More on the import of setting the action in the Casino: “The Forbidden Wing. Oh, the hand of a terrible croupier is that touch on the sleeves of his dreams: all his life of what has looked free or random, is discovered to’ve been under some Control, all the time, the same as a fixed roulette wheel-where only destinations are important, attention is to long-term statistics, not individuals: and where the House does, of course, keep turning a profit…” (p. 209).
A beautiful passage: “‘Holy shit.” This is the kind of sunset you hardly see any more, a 19th-century wilderness sunset...this anachronism in primal red, in yellow purer than can be found anywhere today, a purity begging to be polluted...of course Empire took its way westward, what other way was there but into those virgin sunsets to penetrate and to foul” (p. 214). Always dualities in this book.
“A pornography of blueprints” (p. 224). is a nice turn of phrase.
Foreshadowing: “She has her hair combed high today in a pompadour, her fair eyebrows, plucked to wings, darkened, eyes rimmed in black, only the outboard few lashes missed and left blond.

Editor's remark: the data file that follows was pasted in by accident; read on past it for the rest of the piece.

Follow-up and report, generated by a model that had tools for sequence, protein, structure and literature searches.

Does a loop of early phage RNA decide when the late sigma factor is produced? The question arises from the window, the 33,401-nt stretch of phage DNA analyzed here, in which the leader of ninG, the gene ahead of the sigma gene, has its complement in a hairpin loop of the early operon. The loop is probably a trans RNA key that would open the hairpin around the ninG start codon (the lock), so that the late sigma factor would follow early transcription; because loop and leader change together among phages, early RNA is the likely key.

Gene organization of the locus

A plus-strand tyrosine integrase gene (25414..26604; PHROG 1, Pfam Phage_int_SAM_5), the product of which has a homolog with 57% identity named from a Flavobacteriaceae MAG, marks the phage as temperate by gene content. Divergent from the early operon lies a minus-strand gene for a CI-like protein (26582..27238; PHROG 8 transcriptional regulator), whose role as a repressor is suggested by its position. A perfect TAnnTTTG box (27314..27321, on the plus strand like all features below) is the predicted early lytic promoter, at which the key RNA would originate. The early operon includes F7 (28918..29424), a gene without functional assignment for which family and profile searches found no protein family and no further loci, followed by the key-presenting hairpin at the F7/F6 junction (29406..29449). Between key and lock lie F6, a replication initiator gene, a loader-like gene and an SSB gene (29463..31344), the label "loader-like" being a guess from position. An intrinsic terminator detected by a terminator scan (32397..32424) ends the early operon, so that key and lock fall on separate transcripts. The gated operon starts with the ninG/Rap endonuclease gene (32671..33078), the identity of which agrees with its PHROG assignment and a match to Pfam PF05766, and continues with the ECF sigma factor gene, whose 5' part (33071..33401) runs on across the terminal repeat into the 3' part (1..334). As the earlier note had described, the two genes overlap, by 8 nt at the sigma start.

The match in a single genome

Connection to Nabokov: I really do think “Signs and Symbols” influenced this novel. Lines like this, “Here it is again, that identical-looking Other World - is he gonna have this to worry about, now? What th’ - lookit these trees - each long frond hanging, stuny, dizzying, in laborious dry point against the sky, each so perfectly placed…” (p. 225) remind me so much of the atmosphere in the story (itself about paranoia (“referential mania”)). This is a key excerpt from the Nabokov ditty: “In these very rare cases the patient imagines that everything happening around him is a veiled reference to his personality and existence. He excludes real people from the conspiracy - because he considers himself to be so much more intelligent than other men. Phenomenal nature shadows him wherever he goes. Clouds in the staring sky transmit to one another, by means of slow signs, incredibly detailed information regarding him. His inmost thoughts are discussed at nightfall, in manual alphabet, by darkly gesticulating trees. Pebbles or stains or sun flecks form patterns representing in some awful way messages which he must intercept. Everything is a cipher and of everything he is the theme.” Obviously this guy is, uh, slightly more clinical, but I still think the atmosphere/tone is similar between the two.